In the age of #MeToo, do Southern Baptists really need their keynote speaker and hero to be the one seen in a video talking about a “built” 16-year old girl? As a father with a 16-year-old daughter, I think not.

Furthermore, his inarticulate comments about abuse have put the SBC in another difficult position. Unspoken policies have their limits. When people are actually asking where we stand on abuse, we have to look in the mirror and wonder how long we hold our tongues.

Amen to that! It was never right for Patterson to have counseled a woman to do this, but at the very least today he could have said that he erred, and no longer believes that? But he didn’t do that: he thinks he was right.

That is a shameful, shameful thing.

This two-minute video of him preaching in 2014 is creepy, and completely unbecoming of a pastor, much less the head of a seminary:

An open letter by Southern Baptist women to the trustees of the seminary Dr. Patterson leads calls on them to remove Patterson. It reads, in part:

This pattern of discourse is unbefitting the sober, wise, and sound character required of an elder, pastor, and leader. It fails in the call to protect the helpless, the call of Christ to love our neighbor as ourselves, and the biblical standard of sexual purity. These comments are damaging, sinful, and necessitate a decisive response. It seems inevitable, for instance, that a youth pastor in any of our churches would be removed from his position if he made the comments that Dr. Patterson made at the Awaken Conference in 2014.

The world is watching us all, brothers. They wonder how we could possibly be part of a denomination that counts Dr. Patterson as a leader. They wonder if all Southern Baptist men believe that the biblical view of a sixteen-year-old girl is that she is “built” and “fine” —an object to be viewed sexually. They wonder if all Southern Baptist pastors believe it is acceptable to counsel an abused woman in the way that Dr. Patterson has done in the past. They wonder if the Jesus of the Bible is like such men. We declare that Jesus is nothing like this and that our first duty as Southern Baptists is to present a true picture of Jesus to the world.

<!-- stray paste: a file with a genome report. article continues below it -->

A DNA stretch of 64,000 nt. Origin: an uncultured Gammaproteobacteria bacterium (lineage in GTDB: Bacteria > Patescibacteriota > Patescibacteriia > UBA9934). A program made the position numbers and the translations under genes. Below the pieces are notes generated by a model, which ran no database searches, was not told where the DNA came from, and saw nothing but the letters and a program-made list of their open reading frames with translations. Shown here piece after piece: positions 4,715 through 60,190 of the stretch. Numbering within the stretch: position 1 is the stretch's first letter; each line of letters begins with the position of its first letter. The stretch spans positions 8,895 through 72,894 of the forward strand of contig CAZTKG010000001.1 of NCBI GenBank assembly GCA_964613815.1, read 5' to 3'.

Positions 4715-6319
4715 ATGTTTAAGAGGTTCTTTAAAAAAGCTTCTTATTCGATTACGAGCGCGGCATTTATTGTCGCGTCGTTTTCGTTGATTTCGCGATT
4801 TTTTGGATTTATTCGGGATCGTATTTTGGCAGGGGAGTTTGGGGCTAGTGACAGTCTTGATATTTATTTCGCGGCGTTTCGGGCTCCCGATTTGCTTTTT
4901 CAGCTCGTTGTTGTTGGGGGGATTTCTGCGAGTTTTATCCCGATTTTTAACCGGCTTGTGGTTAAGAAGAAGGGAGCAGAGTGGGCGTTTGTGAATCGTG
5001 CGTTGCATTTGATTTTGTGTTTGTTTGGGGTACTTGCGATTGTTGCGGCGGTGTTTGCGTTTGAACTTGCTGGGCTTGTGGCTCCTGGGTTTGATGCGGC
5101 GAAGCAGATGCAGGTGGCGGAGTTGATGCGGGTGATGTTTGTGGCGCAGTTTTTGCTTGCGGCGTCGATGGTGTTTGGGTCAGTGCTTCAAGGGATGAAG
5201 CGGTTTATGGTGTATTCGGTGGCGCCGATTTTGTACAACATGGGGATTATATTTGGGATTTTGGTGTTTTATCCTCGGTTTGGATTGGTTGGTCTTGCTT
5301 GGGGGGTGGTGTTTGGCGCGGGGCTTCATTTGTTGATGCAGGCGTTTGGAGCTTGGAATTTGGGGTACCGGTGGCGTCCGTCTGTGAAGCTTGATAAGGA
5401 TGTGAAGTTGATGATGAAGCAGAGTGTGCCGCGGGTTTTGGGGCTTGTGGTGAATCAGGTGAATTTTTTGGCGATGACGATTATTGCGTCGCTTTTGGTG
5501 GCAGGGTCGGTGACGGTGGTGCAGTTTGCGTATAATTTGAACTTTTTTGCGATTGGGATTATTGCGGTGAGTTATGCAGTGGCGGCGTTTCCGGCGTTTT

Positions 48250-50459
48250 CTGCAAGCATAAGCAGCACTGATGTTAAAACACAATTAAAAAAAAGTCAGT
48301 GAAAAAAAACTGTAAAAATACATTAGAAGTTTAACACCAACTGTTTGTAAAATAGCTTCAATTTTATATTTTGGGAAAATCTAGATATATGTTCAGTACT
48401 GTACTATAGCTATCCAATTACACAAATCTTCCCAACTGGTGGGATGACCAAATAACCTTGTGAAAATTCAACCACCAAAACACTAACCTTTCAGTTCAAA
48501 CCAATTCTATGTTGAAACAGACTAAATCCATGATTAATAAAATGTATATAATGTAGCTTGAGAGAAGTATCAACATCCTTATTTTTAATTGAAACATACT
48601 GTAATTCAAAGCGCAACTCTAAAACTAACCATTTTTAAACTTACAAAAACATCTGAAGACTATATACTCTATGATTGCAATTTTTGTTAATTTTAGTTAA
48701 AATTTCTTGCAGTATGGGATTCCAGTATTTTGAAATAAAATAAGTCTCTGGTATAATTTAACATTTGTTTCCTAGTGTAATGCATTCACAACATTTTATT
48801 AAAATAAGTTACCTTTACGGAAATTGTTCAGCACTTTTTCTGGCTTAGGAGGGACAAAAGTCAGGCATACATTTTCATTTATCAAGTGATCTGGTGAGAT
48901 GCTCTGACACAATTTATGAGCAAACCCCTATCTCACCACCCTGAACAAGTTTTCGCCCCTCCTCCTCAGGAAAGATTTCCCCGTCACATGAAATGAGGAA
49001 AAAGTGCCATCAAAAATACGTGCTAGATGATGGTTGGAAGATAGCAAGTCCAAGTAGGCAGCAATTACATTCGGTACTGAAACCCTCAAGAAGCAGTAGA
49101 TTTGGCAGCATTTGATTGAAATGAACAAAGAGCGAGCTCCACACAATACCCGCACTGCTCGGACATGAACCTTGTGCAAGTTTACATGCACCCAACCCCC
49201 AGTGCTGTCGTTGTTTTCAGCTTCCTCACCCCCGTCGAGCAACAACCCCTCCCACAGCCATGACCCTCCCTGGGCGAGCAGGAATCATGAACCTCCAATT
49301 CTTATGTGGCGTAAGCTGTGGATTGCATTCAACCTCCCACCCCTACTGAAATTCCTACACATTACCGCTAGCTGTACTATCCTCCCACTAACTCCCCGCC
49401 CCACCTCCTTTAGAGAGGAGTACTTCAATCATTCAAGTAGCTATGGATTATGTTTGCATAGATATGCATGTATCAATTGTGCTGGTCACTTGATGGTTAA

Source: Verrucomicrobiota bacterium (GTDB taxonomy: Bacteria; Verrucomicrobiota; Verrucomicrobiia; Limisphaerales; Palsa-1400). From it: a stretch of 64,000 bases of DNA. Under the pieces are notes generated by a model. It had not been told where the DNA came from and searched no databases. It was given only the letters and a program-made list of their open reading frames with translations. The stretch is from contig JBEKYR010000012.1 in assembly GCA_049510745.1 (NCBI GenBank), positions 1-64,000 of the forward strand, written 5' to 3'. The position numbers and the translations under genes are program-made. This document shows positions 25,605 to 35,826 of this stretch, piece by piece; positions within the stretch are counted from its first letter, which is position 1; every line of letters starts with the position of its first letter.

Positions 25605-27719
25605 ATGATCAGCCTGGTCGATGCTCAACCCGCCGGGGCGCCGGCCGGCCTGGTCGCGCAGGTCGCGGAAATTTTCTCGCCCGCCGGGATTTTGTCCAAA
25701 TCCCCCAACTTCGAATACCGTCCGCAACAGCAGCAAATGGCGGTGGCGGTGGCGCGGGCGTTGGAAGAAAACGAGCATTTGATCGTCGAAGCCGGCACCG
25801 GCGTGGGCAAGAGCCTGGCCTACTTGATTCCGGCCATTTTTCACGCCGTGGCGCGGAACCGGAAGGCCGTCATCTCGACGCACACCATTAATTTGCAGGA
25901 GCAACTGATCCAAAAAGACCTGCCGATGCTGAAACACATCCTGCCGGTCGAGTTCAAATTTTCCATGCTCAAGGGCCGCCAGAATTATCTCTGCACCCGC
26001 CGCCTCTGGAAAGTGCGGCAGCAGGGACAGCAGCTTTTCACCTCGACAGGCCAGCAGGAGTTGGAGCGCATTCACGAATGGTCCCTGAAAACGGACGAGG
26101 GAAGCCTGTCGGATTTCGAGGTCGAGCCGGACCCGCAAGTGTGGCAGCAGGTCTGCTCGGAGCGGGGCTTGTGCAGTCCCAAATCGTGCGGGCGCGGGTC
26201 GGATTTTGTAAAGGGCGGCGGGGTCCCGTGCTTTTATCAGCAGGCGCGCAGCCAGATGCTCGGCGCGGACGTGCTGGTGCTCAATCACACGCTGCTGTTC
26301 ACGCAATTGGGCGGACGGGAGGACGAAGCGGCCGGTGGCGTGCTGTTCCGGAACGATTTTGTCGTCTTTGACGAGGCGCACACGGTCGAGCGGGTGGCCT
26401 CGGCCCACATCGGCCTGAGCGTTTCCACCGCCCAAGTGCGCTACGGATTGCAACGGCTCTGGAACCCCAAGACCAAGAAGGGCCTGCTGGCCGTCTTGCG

We cannot defend or support Dr. Patterson’s past remarks. No one should. The fact that he has not fully repudiated his earlier counsel or apologized for his inappropriate words indicates that he continues to maintain positions that are at odds with Southern Baptists and, more importantly, the Bible’s elevated view of womanhood. The Southern Baptist Convention cannot allow the biblical view of leadership to be misused in such a way that a leader with an unbiblical view of authority, womanhood, and sexuality be allowed to continue in leadership.

This is a somber time. This is an important time. We are praying for you to have wisdom, discernment, and courage.

As of this writing, it has over 600 signatures.

It was announced on Sunday night that the seminary’s trustees are having a special meeting to discuss this situation on May 22.

Meanwhile, tweets on this theme are going around today:

Evangelicals have a hard enough time these days defending what they (and the rest of us Christians) ought to be defending. None of us have the moral capital to waste defending the indefensible.